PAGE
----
The words of Paul are timeless because he did that in his day. He was thoroughly acquainted with the Jewish way of thinking and with the Greek way of thinking. His discourse in Athens consisted almost entirely of quotations from Greek philosophers. He gained a hearing because those words were familiar to the men he was speaking to. Then he disrupted their complacency by introducing the resurrection of Jesus.

In Matthew 10:16 Jesus says: “Behold, I send you forth as sheep in the midst of wolves: be ye therefore wise as serpents, and harmless as doves.” That is our challenge today. To be servants, poor and afflicted, harmless and non-threatening. And yet be wise enough to see the chinks in the walls of complacency that people build around themselves and try to widen them a little to let the light of the gospel shine in,

If we are in earnest about the cause of Christ, let us come down to the bottom rung of the social ladder and become the slaves of Christ and of all mankind.

Uncharted Seas

Everything is changing and we must change with the times or be left behind. Nothing we knew yesterday will be of any value to us tomorrow. But tomorrow will be better than today and the day after that even better. This is the age of progress.

But where is this progress taking us? Hush! It is heresy to even talk of a destination. There is none, only endless change. And all change is for the better. Any thought that things might not be getting better dare not be uttered. That too is heresy.

Things that used to be accepted as self-evident reality have been swept away. Things like gender and procreation for example. Gender is now changed, manipulated at will. We are getting beyond even the dystopian vision of Aldous Huxley’s Brave New World.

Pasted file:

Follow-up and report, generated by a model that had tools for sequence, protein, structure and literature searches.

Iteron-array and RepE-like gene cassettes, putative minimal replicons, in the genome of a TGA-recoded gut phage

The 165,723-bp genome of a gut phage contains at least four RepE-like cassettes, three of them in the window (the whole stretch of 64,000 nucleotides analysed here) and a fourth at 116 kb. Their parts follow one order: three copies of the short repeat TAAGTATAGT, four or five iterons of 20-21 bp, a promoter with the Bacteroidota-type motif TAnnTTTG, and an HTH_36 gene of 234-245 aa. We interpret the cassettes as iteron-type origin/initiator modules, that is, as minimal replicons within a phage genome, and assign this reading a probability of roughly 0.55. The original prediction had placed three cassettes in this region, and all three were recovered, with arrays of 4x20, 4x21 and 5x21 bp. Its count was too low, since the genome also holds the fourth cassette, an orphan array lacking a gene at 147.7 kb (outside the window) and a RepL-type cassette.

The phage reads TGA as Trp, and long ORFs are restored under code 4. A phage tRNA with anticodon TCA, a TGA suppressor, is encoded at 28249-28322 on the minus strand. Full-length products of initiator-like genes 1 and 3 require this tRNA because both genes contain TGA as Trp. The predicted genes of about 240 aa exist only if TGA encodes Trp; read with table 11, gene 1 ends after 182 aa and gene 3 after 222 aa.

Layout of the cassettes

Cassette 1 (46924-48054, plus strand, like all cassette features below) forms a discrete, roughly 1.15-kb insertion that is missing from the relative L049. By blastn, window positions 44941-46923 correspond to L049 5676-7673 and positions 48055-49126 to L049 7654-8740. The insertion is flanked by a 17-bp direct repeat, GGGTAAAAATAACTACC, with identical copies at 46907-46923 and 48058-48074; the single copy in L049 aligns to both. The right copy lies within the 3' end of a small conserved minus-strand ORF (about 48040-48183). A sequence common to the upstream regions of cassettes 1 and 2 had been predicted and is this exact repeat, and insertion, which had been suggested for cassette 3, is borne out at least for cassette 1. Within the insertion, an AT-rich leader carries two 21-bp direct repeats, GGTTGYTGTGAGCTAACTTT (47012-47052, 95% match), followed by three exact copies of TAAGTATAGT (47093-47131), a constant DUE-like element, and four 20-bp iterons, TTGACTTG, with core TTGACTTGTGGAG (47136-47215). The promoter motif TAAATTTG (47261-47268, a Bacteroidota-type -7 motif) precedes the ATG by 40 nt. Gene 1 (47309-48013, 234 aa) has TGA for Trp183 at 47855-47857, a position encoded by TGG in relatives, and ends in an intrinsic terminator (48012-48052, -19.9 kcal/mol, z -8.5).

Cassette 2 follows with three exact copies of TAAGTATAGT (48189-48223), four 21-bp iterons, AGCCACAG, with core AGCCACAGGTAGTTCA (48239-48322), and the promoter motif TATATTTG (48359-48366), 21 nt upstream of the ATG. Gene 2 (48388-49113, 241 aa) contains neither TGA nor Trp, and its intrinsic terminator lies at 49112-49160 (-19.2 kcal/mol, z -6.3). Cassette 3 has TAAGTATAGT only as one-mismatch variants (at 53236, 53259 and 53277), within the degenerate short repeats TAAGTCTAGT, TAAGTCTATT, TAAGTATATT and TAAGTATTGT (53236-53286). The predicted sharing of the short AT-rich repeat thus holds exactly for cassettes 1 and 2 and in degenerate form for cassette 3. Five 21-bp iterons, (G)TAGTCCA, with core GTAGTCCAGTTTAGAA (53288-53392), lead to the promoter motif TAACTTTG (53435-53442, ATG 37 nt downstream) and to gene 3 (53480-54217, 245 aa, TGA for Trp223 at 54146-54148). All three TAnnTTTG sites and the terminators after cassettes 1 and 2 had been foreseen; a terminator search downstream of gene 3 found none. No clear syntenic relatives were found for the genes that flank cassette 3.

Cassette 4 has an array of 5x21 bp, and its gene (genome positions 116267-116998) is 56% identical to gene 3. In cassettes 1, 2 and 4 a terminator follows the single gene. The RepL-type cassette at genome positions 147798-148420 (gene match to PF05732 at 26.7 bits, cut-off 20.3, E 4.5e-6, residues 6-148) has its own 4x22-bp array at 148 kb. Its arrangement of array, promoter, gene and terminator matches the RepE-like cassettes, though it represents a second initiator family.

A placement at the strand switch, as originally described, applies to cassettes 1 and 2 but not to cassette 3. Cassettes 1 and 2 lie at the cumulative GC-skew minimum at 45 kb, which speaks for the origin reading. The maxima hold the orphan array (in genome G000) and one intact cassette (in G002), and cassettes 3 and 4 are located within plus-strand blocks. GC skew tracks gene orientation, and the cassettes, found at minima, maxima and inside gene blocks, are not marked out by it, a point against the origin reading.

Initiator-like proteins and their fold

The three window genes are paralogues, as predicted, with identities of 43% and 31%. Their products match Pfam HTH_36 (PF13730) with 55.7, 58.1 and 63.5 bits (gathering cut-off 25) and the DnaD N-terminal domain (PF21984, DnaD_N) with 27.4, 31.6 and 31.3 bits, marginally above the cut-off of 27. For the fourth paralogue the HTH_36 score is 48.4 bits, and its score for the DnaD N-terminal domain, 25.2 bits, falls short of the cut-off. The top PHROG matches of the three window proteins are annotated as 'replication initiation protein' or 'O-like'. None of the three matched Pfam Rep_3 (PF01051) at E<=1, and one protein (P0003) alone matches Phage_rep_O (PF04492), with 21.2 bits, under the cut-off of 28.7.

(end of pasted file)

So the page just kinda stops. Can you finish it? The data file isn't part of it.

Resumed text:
As if being adrift in this restless sea of modernity was not enough, I hear some Christians quoting Hegel: “The only thing we learn from history is that we do not learn from history.” Do they not understand how profoundly anti-Christian such a statement is?

wave-1913559_640 (1)

Image by Elias Sch. from Pixabay

In the turbulent waters of change there are no reference points to tell us where we are or in which direction we are moving. We have to look outside of the waters of change to find stable landmarks to orient ourselves in the journey of life.

All of the Bible is history. “For whatsoever things were written aforetime were written for our learning, that we through patience and comfort of the scriptures might have hope” Romans 15:4. “Now all these things happened unto them for ensamples: and they are written for our admonition, upon whom the ends of the world are come” 1 Corinthians 10:11. “All scripture is given by inspiration of God, and is profitable for doctrine, for reproof, for correction, for instruction in righteousness” 2 Timothy 3:16.

The Bible is honest to God history, history that tells us that others have travelled through this life before us with a destination in mind, that God inspired them to believe that there was a destination and then guided them step by step through life to find that destination. This is history that we desperately need to read and learn from.

“But now they [we] desire a better country, that is, an heavenly: wherefore God is not ashamed to be called their [our] God: for he hath prepared for them [usd] a city” Hebrews 11:16. “For here have we no continuing city, but we seek one to come” Hebrews 13:14.

We cannot see that city, but we have the Bible to show us the way. In addition there are the ancient landmarks set by our spiritual forefathers through their faith and experiences and their statements of faith.

Truth still stands, impervious to every attempt to deny it, dilute it, twist it, destroy it or pretend it never existed. Truth is not the popular choice, but if we look closely we will see that the impetuous waters of change destroy everything end everyone afloat on its surface.

%d bloggers like this: